United States District Court, District of Columbia
MEMORANDUM OPINION AND ORDER
TIMOTHY J. KELLY UNITED STATES DISTRICT JUDGE
matter is currently before the Court on a motion to dismiss
for lack of prosecution and non-compliance with the
Court's orders, ECF No. 45, filed by the remaining
defendants: the United States of America, Megan J. Brennan,
Patrick R. Donahue, Gerald Roane, Jane Doe Bello, and Jane
Doe (collectively, “Federal Defendants”). In
response, Plaintiff Raheem Muhammad, proceeding pro se, has
filed, inter alia, a motion to strike Federal Defendants'
motion, see ECF No. 49. Also pending before the Court are
several requests by Plaintiff for reasonable and meaningful
accommodations, for the appointment of counsel, and to
transfer the case. See ECF Nos. 41, 47, 50.
reasons stated herein, the Court will defer ruling on Federal
Defendants' motion to dismiss, and Plaintiff's
motions and requests for relief will be denied. Should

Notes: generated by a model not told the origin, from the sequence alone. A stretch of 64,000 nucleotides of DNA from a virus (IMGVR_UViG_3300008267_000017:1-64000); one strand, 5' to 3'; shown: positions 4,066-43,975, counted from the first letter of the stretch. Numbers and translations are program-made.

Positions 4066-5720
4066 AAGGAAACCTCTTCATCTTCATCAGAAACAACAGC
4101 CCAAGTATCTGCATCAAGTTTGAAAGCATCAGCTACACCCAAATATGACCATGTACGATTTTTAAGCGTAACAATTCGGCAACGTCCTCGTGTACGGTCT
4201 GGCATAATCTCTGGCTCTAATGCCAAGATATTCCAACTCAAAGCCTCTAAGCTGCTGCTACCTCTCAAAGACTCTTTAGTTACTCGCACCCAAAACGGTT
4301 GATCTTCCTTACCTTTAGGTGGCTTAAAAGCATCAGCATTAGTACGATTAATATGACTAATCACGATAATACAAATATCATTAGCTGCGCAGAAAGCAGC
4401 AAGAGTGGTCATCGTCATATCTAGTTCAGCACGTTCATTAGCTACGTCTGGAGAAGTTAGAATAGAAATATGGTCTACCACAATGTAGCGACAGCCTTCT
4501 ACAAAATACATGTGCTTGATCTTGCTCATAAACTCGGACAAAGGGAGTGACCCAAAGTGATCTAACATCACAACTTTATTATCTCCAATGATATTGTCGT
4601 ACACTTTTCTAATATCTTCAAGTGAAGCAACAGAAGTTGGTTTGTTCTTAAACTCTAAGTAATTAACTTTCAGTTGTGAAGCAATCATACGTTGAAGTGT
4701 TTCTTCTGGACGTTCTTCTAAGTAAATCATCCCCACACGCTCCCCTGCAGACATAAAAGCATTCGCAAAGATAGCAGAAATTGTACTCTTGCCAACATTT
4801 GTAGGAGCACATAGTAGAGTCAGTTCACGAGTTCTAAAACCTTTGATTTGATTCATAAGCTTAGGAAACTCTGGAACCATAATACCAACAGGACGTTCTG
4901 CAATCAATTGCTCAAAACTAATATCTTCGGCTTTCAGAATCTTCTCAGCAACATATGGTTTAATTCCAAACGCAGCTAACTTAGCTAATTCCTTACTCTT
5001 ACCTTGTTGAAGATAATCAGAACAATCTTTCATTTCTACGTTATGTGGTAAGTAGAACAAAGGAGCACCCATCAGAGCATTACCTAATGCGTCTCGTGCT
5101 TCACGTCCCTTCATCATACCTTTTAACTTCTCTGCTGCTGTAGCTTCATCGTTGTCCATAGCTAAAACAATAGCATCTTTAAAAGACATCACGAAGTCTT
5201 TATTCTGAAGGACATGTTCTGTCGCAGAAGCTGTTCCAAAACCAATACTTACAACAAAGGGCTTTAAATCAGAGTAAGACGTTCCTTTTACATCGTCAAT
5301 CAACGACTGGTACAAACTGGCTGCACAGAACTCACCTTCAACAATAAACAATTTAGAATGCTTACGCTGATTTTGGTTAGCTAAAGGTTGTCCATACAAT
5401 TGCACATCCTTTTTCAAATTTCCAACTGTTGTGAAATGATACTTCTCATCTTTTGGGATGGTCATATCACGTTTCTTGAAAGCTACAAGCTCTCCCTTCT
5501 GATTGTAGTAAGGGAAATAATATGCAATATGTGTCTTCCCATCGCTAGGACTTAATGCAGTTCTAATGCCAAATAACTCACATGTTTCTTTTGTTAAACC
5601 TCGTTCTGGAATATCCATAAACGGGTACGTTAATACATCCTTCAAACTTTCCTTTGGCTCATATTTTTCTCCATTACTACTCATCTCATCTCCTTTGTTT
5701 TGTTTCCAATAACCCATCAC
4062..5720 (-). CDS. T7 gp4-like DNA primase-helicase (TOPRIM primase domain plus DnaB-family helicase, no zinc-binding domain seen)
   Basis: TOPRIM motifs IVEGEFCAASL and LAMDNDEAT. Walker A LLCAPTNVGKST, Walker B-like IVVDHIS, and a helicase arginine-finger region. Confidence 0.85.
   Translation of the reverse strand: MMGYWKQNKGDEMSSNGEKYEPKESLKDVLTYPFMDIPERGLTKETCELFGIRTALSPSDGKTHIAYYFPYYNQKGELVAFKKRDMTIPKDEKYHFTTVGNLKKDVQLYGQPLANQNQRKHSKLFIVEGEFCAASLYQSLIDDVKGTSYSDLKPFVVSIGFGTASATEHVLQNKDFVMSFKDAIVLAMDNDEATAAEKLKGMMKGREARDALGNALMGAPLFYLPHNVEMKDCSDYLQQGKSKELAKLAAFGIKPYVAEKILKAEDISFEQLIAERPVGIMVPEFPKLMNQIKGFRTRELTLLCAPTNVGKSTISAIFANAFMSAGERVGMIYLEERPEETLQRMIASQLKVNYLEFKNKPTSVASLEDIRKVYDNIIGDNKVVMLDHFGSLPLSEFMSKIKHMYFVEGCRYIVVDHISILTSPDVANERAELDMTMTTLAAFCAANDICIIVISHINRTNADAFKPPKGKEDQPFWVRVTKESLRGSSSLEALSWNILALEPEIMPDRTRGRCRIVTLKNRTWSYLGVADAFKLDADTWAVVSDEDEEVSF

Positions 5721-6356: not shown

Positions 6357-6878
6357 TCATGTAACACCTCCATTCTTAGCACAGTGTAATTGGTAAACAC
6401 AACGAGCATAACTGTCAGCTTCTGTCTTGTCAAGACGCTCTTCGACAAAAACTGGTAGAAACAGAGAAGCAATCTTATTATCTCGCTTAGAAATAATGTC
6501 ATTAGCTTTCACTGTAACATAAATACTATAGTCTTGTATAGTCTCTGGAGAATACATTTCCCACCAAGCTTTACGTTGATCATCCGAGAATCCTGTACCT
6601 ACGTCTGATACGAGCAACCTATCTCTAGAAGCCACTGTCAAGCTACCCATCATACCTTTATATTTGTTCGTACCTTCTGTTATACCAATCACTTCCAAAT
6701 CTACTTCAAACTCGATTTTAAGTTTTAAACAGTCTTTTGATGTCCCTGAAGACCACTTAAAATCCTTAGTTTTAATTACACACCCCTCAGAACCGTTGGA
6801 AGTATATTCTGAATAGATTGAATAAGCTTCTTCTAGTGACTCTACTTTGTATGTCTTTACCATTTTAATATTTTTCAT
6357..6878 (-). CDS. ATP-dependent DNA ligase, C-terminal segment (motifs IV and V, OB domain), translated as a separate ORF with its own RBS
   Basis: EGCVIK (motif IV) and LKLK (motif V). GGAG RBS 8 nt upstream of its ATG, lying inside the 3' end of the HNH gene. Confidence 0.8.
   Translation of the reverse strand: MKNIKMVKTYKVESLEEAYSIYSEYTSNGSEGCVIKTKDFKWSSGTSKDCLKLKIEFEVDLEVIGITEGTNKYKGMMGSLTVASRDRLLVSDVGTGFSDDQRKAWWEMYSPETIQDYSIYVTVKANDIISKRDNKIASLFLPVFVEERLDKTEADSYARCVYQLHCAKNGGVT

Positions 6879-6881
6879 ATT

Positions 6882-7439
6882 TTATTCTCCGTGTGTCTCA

Plaintiff fail to confer with Federal Defendants as directed
below, Federal Defendants' motion will be granted, and
this matter will be dismissed promptly for lack of
Factual and Procedural Background
originally brought this action against Federal Defendants and
the District of Columbia. See ECF No. 1
(“Compl.”) at 1-2. He alleges that he suffered
injuries when he slipped and fell on a sidewalk outside a
Post Office in the District of Columbia. Id.
¶¶ 16-17. He seeks $1 million in compensatory
damages. Id. at 13. Plaintiff alleges negligence due
to lack of sidewalk maintenance, which he believes was
motivated by “racism and apathy.” Id.
August 12, 2016, the District of Columbia filed a motion to
dismiss under Federal Rule of Civil Procedure 12(b). ECF No.
9. On December 16, 2016, Federal Defendants also filed a
motion to dismiss under Rule 12(b). ECF No. 16. On January
27, 2017, the Court informed Plaintiff of his obligation to
respond these motions, providing a deadline of March 3, 2017.
See ECF No. 18 at 2. He was advised of the potential
consequence of dismissal should he fail to respond. See
Id. Instead of filing an opposition, on March 1,
2017, Plaintiff filed his first motion to appoint counsel.
ECF No. 19.